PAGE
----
The response of modern high-rise structures designed under Turkish and Taiwanese codes that are very similar to codes in the United States has been documented through this research, as have the effects of construction quality, code enforcement and specific seismic design. This will directly lead to better design and construction techniques to minimize damage from earthquake loading. In addition, a very important determining factor in loss of life and property during earthquakes is the level of preparedness of individuals, companies, national and international institutions and government agencies prior to the earthquake. Several research projects addressed these issues, and information gathered has proven to be invaluable to emergency planners in the United States.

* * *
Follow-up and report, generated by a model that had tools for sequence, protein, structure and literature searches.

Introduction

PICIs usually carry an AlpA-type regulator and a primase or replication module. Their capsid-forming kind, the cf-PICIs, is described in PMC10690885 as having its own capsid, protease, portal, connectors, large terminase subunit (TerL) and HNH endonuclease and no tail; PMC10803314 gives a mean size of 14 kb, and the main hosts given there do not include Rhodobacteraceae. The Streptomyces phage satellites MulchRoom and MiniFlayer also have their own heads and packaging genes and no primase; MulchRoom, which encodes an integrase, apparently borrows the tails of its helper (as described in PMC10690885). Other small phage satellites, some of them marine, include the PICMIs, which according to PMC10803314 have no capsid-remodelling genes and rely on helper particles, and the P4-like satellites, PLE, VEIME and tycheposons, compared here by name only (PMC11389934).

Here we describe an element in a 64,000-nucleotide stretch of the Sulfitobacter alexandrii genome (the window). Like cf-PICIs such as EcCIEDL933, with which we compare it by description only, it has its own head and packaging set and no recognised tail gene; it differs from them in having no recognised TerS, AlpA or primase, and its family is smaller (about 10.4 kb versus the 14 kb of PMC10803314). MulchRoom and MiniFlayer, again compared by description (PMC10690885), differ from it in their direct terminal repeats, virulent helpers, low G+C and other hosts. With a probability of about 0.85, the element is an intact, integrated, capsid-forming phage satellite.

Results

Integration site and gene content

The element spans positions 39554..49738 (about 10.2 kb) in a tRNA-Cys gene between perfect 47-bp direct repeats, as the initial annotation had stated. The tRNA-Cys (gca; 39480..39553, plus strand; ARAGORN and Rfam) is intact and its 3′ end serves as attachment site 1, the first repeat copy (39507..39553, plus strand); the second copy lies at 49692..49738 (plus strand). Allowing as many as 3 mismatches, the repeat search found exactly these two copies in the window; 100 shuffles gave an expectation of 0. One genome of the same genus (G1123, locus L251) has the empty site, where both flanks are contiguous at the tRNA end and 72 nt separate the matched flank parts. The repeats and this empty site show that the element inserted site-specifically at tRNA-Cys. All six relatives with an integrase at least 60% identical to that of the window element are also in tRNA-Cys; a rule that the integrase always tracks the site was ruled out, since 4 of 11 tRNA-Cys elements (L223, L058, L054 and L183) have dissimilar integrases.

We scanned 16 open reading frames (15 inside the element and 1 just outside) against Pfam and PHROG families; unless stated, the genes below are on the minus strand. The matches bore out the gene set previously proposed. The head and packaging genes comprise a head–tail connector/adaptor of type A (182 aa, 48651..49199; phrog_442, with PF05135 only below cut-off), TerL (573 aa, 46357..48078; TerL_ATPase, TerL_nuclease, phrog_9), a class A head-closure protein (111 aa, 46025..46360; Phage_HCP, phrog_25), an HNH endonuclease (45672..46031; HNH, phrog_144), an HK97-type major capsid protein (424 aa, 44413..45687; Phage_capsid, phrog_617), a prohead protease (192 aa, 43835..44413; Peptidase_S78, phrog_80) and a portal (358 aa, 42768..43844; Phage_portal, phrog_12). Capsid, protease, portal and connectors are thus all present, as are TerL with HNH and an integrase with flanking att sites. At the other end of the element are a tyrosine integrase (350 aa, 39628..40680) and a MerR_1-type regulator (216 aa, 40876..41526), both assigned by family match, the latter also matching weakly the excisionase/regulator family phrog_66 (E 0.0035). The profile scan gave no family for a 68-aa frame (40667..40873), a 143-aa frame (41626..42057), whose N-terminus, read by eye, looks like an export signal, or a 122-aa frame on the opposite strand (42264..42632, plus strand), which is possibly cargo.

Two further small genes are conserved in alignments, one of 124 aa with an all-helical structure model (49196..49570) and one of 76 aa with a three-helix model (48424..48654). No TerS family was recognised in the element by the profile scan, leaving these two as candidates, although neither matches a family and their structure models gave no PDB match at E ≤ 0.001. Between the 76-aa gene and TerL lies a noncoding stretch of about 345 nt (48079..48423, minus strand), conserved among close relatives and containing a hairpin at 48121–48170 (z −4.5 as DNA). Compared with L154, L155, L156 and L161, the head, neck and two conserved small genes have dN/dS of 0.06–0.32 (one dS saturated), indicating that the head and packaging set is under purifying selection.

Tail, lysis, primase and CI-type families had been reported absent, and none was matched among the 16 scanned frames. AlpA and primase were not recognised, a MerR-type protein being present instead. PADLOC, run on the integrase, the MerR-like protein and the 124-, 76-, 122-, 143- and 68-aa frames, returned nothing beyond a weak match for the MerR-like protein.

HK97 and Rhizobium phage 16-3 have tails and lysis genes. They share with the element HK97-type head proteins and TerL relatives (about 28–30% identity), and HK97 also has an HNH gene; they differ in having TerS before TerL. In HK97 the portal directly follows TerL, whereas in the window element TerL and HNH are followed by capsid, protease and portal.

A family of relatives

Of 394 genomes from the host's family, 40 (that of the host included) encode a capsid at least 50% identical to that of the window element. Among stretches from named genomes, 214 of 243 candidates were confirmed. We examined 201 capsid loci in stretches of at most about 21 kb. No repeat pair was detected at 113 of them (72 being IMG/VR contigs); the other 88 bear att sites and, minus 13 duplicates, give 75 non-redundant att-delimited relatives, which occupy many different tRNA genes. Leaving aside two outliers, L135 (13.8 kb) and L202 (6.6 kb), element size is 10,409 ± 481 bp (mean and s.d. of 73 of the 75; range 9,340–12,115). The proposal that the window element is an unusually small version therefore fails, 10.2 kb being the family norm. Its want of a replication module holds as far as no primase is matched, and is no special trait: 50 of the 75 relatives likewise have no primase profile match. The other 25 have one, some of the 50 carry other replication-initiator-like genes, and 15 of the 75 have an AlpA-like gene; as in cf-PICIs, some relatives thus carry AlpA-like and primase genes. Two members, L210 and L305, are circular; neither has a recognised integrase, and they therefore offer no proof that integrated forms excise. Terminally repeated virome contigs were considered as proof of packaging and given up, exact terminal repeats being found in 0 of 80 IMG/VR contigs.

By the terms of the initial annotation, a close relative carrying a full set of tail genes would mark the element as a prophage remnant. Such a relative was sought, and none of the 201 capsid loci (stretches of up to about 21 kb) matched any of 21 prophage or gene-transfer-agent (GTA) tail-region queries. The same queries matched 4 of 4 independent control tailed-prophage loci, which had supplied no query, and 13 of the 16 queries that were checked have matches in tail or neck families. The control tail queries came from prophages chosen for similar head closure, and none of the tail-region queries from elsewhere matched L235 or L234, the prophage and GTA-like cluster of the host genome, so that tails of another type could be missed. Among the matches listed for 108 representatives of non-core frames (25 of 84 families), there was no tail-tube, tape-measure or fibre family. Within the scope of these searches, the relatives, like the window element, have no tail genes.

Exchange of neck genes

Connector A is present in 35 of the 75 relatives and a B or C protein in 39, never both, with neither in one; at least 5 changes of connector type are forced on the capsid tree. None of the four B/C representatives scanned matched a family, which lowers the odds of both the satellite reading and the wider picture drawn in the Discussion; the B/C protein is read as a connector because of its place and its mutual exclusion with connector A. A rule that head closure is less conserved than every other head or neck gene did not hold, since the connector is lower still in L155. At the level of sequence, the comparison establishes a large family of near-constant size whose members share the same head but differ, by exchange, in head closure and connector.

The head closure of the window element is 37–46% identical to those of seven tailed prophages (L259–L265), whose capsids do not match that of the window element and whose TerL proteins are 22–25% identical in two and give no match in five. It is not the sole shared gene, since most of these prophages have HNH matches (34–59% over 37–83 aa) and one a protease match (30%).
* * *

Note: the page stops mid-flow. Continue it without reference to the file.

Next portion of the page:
Individual researchers also engage in international collaboration. For example, an NSF award to Rensselaer Polytechnic Institute and the University of California at San Diego includes a significant international component. The researchers will complete experimental studies on the effect of earthquake-induced lateral ground spreading due to liquefaction on pile foundations, both in full size and centrifuge model conditions. The research will take advantage of the NEES experimental facilities in the United States, and facilities operated by the National Research Institute for Earth Science and Disaster Prevention (NIED) in Japan, including the world's largest shake table (15 m by 20 m) at Miki City. This research constitutes the first opportunity for direct comparison of results in controlled experimental environments between centrifuge and full size tests to be conducted at NIED. The NEES network will be used both during experiment conduct and collaborative development of engineering interpretations and computer simulations.